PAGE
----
The Year of 100 Rejections: Wins, Losses, and Lessons Learned (Month #3)

March was my third month of the The Year of 100 Rejections.

If you’re new here: As one of this year’s learning projects, I’m trying to learn how to write fiction by failing systematically. My goal is to collect 100 short story rejections by end of year 2018.

Here’s how this month went:

  • I finished 2 short stories. This was the same number of stories as last month.
  • I made 5 submissions. Last month, I only made 3 submissions.
  • I received 4 rejections. Last month, I received 3 rejections.

Total so far: 10/100 Rejections.

If you’ve been following along, you’ve probably realized two things:

  • I’m behind schedule. I wanted to have 15-20 rejections by now, but I’m only at 10.
  • There isn’t any data this month. I provided detailed graphs for months 1-2, but there aren’t any for month 3.

I figured this would happen sooner or later.

Put simply, what happened this month was that I “fell off the wagon.” This happens all the time when setting long-term goals—we break our rules (eating a cheat meal) or lose motivation, and everything falls apart.

Here’s what I think knocked me off the wagon:

  • Time constraints made me break my habits. For months one and two, I had a good habit of daily writing going (averaging 500-600 words a day). Last month, this habit broke because I launched a small business that ended up sucking up a lot of my time. I fell off the wagon and never got back on.
  • Falling motivation. Along with this break in habits, I felt less motivated to write stories in March. I think this happened for two main reasons: (1) there isn’t much of a writing community around me, (2) I’m not getting enough clear feedback to help me learn.

Plans for Month #4

With the above in mind, what should be my goal for Month #4?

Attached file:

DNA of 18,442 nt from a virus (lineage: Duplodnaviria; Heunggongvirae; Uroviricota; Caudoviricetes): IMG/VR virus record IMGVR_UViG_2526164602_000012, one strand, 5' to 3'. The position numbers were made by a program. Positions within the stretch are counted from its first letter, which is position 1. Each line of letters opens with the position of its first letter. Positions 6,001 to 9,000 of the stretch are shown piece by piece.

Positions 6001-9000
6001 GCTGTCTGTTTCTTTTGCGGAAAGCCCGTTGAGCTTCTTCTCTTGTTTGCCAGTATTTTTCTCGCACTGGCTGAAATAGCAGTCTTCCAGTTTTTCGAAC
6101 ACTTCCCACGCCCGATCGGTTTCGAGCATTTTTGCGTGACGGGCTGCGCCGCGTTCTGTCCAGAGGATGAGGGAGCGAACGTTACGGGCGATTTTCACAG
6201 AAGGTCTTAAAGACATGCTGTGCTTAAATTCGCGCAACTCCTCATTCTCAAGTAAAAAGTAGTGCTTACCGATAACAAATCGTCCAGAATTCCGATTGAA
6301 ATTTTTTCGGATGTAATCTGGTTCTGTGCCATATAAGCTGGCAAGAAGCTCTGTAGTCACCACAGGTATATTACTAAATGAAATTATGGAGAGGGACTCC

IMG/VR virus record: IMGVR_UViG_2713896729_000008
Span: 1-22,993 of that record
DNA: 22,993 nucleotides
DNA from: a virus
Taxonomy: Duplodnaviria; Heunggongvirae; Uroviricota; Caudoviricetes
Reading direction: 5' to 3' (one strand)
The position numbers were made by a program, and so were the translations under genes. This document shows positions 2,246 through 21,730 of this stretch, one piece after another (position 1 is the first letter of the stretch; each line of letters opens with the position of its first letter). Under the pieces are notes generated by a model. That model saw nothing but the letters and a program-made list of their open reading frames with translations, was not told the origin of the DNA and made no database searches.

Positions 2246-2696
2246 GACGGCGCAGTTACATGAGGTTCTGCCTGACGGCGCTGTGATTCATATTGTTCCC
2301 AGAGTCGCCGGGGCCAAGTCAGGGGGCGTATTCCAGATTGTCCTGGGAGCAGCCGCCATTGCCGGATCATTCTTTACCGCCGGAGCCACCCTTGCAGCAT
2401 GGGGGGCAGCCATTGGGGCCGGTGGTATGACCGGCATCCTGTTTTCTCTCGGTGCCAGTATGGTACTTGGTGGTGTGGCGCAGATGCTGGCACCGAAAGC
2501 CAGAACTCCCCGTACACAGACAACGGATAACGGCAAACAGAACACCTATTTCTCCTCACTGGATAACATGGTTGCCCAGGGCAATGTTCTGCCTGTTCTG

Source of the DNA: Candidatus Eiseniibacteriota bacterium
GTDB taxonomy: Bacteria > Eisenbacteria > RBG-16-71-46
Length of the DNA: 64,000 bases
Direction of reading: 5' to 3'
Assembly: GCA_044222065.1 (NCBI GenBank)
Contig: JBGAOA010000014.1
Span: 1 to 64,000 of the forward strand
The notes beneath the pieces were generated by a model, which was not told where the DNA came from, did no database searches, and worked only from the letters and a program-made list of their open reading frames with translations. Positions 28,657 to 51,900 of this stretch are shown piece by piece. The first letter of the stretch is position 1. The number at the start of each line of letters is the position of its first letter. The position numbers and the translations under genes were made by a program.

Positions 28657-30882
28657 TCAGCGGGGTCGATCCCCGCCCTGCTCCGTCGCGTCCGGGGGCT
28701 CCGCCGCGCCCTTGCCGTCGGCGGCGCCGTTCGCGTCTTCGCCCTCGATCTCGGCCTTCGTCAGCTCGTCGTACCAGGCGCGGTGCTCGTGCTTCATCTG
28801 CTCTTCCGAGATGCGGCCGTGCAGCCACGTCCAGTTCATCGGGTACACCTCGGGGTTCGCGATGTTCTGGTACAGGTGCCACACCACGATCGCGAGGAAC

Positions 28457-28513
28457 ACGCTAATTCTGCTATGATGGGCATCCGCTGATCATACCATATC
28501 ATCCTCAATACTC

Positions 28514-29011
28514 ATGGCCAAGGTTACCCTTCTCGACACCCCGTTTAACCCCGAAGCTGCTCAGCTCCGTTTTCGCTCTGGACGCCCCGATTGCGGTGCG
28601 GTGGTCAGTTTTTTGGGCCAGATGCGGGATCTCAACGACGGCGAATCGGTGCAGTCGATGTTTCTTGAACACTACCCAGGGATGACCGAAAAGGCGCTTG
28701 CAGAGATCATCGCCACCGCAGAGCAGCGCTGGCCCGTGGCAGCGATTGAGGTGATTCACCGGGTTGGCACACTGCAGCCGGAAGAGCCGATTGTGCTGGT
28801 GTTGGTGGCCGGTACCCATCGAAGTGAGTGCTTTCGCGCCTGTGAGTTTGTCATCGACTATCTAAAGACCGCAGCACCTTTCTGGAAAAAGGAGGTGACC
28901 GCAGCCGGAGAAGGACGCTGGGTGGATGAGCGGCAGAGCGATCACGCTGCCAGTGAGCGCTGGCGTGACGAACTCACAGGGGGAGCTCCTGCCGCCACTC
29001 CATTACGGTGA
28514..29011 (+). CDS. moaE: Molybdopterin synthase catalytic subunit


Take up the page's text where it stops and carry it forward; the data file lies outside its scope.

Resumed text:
My number one priority, I think, should be to get back on the wagon. In other words, for April, I want to get back in the habit of writing every day.

Learning, finishing stories, etc. is important, but none of that will happen unless I get in the habit of writing again.

Here’s how I’ll try to do this:

  • Go back to basics. When habit systems fail, it’s important to reset at a lower level. If I try to do all the work I was doing before, I’ll burn out and fall off the wagon again.
  • Make daily goals easy. As part of “going back to basics”, I want to make my daily goals easy to achieve. Something like “Write 100 words after turning on the computer” might be a good habit to work towards.
  • Not worry too much about the big picture. It can be de-motivational if I realize that I “need to get 90 more rejections”. This month, I won’t worry too much about how many rejections I need to get. Rather, I’ll focus on just writing things and trying to enjoy the process.
  • Get more involved in a community. Thought I told myself I’d join some writing groups, I haven’t actually gone to any meetings. I think it’s about time to do that. I’ve signed up for an event next weekend… We’ll see how that goes.

That’s all for this month. Not that good of a month, but every month can’t be perfect 🙂

See you at the end of Month #4!

The Myth of the “Perfect Person”

Philosopher John Armstrong’s How to Worry Less About Money is one of the best books on money I’ve ever read.

He’s the first thinker I know to point out that many of our money problems are not about money at all—they’re about psychology. Financial freedom isn’t about being filthy rich. It’s about psychological freedom.

Recently, I found another great book of Armstrong’s titled Conditions of Love: The Philosophy of Intimacy.

In it, Armstrong dispels a common myth that many of us hold—the myth of the perfect person.

Let’s take a look.

Love is not a treausre hunt


Many of us see love as a treasure hunt.

This delusional belief goes something like this: “There are billions of people in the world.  I haven’t met her yet, but—somewhere out there—the perfect person is waiting for me. I just have to keep trying. When I meet her, all my problems will be solved!”

Most people today would choke on their cappuccinos (squirting milk out of their noses, no doubt) if you said, “I’m searching for the Holy Grail. It’s only a matter of time until I find it.” But nobody bats an eyelash when we say, “I’m searching for Mr. or Ms. Right. I just have to meet enough people and it’ll be okay.”

Armstrong writes:

“One major theme of this myth is that there is a ‘right’ person for each of us. If we can only find this person our problems will be over. … Correspondingly, what goes wrong in love always derives from attaching ourselves to the wrong person – or the wrong person getting attached to us.”

So what’s so problematic about this belief?

At first, it sounds pretty reasonable. After all, some people are clearly “wrong” for us. I would not want to date a drug addict or marry a woman who beats me each morning with a baseball bat.

Here’s the mistake, though: Just because some people are better than others does not mean that the perfect person exists.